Just got home from a not so long, not really work but work day. I’m doing something called an externship- which is really basically like an internship- I don’t know why this word was chosen but anyway, yes. That’s what I just got back from and I hope you’re having a much better, less tiring day than I am. This Lagos can be really frustrating sometimes.
Aaaanyway. I’m not here today because of Lagos.
Have you read or are you reading Americanah? If you just said No, I suggest you get on it asap. This post is coming a little late (I finished the book two weeks ago) but I’m here now.
Americanah is the third novel from Nigerian writer, Chimamanda Ngozi-Adichie, whose name you should know, if you don’t already know by now. Google 🙂 I’m not going to review the book (I’m only a layman. You can read this one on NPR, here), I’m not going to start talking about it (I don’t want to spoil it for you) I’m just going to recommend it to you guys. It’s a really good book- and if you haven’t read anything by Chimamanda, now is the time to leave that heavy LAST you’re carrying on your back behind. If you’re one of those people who “don’t read”, please- pick up this book, any of her books- and it may just be the reason you start reading or start reading again. Her writing is so frank. Simple, direct, and funny. Really, she will make you laugh. Maybe when you’re done, you could get back to me and we’ll have a conversation.
If you think you aren’t into African writers, please- don’t say that out loud. Get your Americanah soon, get familiar. African writers are where it’s at, inugo?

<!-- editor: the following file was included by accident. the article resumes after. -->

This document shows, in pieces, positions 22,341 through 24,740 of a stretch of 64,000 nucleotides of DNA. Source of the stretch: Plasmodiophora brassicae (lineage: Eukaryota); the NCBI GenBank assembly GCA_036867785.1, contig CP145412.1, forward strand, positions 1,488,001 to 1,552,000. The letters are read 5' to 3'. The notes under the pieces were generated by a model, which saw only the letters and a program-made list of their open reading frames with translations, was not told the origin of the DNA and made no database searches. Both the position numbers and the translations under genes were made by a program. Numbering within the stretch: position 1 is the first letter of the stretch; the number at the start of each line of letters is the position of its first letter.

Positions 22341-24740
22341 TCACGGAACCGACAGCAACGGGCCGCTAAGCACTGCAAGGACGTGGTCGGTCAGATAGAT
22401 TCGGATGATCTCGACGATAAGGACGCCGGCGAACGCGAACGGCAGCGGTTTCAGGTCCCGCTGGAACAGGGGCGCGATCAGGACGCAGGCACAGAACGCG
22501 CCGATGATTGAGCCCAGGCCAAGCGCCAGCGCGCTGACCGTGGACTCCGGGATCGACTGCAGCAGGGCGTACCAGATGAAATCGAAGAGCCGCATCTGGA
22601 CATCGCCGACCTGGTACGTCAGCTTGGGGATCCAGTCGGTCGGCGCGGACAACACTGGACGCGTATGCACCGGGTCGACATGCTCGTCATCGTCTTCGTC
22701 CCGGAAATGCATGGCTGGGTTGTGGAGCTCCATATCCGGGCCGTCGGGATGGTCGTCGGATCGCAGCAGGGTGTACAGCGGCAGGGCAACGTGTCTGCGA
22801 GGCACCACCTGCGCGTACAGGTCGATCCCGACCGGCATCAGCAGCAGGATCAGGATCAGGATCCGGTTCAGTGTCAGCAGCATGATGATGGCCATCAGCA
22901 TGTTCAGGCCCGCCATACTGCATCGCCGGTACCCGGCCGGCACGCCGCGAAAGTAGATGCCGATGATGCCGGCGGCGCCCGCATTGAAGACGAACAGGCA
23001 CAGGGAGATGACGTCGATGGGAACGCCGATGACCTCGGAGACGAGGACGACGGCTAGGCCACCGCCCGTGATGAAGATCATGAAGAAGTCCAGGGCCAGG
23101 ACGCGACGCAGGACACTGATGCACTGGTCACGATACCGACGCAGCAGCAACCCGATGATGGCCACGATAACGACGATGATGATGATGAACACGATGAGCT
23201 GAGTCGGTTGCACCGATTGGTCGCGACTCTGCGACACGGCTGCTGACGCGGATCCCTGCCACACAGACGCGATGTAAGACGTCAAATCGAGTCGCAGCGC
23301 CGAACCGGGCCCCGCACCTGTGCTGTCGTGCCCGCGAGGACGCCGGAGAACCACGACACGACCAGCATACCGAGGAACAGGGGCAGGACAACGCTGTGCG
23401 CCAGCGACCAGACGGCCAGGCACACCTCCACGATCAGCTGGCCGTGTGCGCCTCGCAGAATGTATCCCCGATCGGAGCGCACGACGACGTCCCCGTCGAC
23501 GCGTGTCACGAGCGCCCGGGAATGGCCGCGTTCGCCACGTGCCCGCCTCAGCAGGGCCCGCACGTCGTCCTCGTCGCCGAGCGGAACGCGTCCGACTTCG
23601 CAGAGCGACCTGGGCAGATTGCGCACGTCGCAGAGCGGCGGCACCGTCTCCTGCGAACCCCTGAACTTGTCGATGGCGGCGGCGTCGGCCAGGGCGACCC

Did I mention she’s a naturalista as well? A few weeks ago, her book tour made a stop at the Glendora bookshop, Ikeja City Mall. It was really nice- listening to her read an excerpt, and then field questions from the audience. I’m a really big fan of hers (if you hadn’t already noticed lol)- it’s really difficult not to be in awe of someone so beautiful and intelligent.
The central themes in this book are love, race, immigration and identity- but just as prevalent in the book is HAIR. Yesssssssss! Chimamanda weighs in on the Hair conversation in this book. As part of the changes and epiphanies in the Protagonist, Ifemelu’s life, she goes on a hair journey- which Chimamanda admits is similar to her own journey. I did promise not to say anything about it so I won’t. She also said that Ifemelu would be blogging about natural hair from her official site– so watch out for that.
The movie for her second novel ‘Half Of A Yellow Sun’ will be out this year. It’s not being told from the same angle as the book- but if you loved the book, do not despair, she has seen the film and she says it’s a pretty good one. ^.^
I didn’t make any videos, but you could watch this clip from an interview here:
One last thing. If you’re an aspiring writer, here’s what she had to say: Read what you like, read what you don’t like. Make sure you know why, and make sure you write like neither.